Similar to other inventions that sparked new development like the development of the iPhone  gave birth to the creation of millions of apps doing everything from playing silly games to potentially detecting cancer.

While it’s too early to determine when such a device will be available on the market
a prototype is not that far away.

The project is currently in the proof of concept phase.
Meaning the first goal is to prove the capabilities of the underlying technology that drives the product.
In July, Alex and the team will be displaying this technology at  the Euro Haptics Conference in London.

According to a 2014 report published by the American Printing House for the Blind;
less than 10 percent of children with vision loss  read Braille. This is on par with adult counterparts.

Research has shown a direct relationship between  Braille and employment. Among those who are blind and employed, over 80 percent are Braille readers.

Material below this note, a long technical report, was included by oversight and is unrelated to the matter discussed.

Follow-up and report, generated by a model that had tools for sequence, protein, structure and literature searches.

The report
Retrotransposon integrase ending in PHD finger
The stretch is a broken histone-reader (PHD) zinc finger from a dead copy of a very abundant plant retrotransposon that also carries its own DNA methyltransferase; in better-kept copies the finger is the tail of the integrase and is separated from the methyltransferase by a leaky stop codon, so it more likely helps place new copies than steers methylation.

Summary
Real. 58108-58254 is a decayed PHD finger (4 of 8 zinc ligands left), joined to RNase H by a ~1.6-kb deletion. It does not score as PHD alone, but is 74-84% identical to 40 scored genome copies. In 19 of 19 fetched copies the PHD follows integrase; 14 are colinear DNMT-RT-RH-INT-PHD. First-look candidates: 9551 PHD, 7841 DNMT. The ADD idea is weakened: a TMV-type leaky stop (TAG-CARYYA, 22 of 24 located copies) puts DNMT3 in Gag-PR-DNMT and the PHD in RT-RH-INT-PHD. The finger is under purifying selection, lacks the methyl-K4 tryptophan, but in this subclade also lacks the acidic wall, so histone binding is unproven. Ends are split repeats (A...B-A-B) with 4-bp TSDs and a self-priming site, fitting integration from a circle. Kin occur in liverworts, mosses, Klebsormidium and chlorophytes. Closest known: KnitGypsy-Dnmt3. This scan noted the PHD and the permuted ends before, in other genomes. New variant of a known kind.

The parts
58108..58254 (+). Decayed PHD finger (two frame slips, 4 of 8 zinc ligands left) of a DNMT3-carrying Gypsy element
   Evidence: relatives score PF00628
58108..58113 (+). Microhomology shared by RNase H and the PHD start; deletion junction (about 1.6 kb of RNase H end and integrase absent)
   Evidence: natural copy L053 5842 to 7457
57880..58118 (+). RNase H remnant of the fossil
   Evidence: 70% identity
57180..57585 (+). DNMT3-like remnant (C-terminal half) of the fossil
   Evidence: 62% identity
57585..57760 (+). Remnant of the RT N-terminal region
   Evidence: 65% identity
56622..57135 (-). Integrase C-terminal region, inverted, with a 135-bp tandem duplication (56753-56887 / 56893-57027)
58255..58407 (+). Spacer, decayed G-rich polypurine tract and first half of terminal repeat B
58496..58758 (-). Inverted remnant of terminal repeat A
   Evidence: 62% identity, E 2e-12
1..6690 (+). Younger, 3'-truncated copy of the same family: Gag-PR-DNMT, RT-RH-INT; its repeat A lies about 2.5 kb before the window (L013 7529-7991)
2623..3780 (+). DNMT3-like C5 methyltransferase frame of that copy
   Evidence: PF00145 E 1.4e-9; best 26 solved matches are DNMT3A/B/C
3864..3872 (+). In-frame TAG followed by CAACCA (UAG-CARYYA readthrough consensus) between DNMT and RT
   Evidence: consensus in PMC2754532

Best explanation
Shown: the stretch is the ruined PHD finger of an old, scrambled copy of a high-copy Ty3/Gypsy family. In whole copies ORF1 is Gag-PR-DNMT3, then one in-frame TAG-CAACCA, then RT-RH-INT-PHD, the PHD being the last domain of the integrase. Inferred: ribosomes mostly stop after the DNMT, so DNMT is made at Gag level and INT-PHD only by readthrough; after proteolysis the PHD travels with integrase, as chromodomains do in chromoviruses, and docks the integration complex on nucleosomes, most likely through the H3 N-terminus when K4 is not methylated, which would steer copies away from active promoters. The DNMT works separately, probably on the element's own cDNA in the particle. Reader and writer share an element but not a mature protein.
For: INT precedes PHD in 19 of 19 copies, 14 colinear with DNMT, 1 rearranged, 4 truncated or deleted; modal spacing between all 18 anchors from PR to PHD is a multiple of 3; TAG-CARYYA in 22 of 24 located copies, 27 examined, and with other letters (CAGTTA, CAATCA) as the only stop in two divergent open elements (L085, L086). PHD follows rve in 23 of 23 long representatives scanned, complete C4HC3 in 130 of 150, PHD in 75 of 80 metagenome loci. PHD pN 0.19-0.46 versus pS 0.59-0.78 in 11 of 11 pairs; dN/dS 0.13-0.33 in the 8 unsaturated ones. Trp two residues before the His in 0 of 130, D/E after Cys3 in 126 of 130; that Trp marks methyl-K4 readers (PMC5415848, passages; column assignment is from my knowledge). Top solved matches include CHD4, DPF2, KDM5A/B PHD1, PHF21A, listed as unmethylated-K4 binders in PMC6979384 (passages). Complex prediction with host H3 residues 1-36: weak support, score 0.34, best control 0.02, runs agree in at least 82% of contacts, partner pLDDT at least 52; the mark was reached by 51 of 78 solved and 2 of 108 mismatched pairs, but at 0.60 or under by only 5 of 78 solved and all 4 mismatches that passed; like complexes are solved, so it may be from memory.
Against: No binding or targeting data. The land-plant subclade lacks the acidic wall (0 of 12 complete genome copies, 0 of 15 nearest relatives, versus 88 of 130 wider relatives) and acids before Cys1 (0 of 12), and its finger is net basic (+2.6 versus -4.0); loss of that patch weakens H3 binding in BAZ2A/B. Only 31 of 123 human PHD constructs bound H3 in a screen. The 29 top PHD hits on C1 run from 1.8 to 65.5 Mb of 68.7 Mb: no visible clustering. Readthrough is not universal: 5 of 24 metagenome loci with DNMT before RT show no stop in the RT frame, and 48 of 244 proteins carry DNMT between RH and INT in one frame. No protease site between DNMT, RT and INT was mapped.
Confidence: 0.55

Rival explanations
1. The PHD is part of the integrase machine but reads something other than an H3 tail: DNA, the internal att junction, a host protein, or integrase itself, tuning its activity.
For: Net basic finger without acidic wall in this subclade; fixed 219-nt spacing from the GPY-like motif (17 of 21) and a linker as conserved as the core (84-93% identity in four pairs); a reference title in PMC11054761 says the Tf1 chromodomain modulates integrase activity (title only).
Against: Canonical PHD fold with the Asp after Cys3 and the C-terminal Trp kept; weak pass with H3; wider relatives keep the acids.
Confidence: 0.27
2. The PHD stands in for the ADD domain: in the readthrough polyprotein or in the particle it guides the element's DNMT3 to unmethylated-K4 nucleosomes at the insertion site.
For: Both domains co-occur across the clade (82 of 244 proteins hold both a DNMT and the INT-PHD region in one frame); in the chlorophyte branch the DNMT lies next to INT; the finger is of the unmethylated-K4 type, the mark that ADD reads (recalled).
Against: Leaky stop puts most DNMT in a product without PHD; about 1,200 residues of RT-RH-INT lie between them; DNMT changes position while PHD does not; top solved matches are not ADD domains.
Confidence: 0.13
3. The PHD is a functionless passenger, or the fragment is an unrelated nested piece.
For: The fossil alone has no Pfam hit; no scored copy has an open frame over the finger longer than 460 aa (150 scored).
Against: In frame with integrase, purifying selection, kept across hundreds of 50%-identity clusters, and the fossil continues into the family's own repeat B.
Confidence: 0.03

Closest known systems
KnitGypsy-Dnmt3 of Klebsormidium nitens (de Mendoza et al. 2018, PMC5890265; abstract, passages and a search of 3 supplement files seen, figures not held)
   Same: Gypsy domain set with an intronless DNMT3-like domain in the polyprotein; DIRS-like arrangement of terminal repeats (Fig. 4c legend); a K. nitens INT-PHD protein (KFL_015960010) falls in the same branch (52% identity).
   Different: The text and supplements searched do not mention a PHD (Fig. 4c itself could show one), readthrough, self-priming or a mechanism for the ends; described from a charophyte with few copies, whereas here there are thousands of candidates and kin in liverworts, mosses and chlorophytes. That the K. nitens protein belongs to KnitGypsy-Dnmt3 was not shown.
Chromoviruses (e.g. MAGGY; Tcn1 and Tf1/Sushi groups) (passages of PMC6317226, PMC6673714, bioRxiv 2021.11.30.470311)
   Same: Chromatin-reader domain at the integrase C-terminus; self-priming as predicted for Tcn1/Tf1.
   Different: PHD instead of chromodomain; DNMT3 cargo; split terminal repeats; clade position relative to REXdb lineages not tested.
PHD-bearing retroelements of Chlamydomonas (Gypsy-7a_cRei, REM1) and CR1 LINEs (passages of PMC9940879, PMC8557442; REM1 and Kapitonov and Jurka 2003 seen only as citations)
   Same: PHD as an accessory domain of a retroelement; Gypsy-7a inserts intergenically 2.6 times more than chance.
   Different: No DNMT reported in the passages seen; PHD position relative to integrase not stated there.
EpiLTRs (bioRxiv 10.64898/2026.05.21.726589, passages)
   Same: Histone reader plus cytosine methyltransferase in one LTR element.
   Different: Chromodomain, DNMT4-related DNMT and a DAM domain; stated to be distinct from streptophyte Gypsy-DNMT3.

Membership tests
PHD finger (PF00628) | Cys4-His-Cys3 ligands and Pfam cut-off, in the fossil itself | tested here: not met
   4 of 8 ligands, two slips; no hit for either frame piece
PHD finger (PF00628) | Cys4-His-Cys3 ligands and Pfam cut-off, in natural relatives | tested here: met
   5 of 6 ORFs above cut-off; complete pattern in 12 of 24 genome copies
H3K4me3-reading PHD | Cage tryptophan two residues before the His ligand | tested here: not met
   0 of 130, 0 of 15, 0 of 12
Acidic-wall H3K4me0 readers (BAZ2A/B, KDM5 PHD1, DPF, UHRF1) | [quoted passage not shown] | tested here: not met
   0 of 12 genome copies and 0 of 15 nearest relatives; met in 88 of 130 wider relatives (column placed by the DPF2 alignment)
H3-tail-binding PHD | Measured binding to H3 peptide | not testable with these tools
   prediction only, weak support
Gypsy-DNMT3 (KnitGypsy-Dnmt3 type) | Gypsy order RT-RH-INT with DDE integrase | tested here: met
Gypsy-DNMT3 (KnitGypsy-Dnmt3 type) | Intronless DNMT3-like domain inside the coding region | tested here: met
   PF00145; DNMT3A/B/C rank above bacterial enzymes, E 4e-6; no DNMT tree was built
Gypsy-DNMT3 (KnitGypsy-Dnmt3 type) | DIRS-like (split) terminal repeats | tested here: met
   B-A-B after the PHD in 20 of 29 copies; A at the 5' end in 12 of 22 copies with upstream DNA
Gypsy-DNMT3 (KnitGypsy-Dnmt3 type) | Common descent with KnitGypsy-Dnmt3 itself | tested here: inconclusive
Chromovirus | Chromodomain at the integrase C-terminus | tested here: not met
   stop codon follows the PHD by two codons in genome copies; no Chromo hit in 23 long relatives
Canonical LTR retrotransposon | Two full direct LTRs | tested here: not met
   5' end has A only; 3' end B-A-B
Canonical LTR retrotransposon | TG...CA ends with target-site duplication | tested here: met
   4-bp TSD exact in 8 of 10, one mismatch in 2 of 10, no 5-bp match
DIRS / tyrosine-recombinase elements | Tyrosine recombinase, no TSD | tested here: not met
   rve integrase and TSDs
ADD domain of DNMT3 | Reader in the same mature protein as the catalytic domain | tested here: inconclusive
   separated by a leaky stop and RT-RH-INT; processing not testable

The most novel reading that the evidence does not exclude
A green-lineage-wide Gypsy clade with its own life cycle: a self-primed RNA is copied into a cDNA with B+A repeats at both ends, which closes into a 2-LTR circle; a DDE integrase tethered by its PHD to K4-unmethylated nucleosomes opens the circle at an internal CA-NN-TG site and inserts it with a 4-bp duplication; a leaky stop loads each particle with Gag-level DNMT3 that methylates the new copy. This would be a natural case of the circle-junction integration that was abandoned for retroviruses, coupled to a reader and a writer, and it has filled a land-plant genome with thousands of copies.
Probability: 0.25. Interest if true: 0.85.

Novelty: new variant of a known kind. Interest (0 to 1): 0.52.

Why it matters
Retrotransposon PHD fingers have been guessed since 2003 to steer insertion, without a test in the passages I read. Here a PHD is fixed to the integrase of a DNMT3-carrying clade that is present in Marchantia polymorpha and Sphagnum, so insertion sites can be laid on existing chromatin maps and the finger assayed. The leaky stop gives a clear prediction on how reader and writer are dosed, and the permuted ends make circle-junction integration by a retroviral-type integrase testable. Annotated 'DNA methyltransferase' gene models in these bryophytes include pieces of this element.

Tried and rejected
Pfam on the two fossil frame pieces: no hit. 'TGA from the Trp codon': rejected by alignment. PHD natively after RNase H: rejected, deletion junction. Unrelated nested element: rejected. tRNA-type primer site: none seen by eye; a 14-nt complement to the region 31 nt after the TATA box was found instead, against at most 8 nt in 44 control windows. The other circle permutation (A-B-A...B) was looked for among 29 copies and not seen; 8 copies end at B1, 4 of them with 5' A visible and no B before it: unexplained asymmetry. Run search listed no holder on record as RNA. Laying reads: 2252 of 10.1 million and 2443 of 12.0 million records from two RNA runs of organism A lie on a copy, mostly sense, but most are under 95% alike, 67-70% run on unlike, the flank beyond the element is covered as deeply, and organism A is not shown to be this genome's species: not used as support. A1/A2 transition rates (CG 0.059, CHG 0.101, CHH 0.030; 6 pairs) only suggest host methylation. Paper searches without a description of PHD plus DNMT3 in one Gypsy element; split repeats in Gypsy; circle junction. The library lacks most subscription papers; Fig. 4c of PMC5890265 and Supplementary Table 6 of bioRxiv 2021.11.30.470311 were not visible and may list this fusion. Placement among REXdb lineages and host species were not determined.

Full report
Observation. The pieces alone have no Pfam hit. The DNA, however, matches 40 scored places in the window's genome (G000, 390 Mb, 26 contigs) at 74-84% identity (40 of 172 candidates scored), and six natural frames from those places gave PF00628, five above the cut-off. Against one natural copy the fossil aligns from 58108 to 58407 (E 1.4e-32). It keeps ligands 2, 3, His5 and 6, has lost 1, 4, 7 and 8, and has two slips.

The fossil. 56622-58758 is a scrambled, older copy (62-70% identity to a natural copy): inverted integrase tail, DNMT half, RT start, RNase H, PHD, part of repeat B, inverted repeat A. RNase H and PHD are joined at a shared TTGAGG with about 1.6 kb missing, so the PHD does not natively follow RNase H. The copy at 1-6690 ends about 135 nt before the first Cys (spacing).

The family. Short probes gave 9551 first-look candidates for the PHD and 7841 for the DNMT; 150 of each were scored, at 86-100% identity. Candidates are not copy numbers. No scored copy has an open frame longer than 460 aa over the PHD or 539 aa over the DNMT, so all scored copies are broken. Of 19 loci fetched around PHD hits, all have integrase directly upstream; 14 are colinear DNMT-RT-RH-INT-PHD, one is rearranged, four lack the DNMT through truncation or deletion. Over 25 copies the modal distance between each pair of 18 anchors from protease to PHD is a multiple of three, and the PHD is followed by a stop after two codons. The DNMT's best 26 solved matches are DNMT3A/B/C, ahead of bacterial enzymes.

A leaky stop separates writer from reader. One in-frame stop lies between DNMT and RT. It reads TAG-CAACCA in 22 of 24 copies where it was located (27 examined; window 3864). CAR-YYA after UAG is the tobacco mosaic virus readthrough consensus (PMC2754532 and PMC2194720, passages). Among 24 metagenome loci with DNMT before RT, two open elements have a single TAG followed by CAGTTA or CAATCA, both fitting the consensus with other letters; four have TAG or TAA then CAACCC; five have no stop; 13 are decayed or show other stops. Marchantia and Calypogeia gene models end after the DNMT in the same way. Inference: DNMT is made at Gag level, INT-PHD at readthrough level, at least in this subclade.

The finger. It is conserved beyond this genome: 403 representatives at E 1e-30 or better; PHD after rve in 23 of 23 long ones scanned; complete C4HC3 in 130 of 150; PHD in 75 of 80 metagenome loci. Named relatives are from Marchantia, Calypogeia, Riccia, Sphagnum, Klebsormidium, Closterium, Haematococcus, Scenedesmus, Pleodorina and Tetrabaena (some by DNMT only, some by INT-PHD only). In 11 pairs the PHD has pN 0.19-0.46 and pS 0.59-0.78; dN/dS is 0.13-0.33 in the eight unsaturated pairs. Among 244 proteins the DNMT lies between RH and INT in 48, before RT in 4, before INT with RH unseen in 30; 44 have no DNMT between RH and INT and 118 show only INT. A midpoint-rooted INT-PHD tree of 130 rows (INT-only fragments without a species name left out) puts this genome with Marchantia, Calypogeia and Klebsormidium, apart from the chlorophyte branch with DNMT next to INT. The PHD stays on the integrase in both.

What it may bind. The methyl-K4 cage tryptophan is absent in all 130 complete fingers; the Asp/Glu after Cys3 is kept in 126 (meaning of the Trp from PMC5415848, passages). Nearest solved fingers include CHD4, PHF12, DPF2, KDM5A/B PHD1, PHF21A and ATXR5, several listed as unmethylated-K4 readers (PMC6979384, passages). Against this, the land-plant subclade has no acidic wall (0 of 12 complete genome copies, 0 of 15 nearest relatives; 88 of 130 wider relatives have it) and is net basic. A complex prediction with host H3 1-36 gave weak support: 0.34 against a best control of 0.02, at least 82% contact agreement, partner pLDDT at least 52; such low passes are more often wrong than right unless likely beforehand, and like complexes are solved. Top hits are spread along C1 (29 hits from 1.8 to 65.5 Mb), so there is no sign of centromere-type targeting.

Now, with almost 35 percent of these school aged children being labeled as nonreaders and
less than 10 percent reading braille, there’s a strong need for increased access and affordability.

And then, an often forgotten segment within the blind community are those who are both deaf and blind. Braille is their access to the digital information.

Improved digital access makes sense.

If you’re interested in learning more about The Holy Braille project or those involved
AR:
Our lab is called the Haptix Lab (H  A P T I X) and if you just Google search “Haptix Lab” we’re the first thing that comes up!
TR:
This is Thomas Reid, for Gatewave Radio.

AR:
“There really is a pretty big need for it… it’s almost prohibitively expensive”

TR: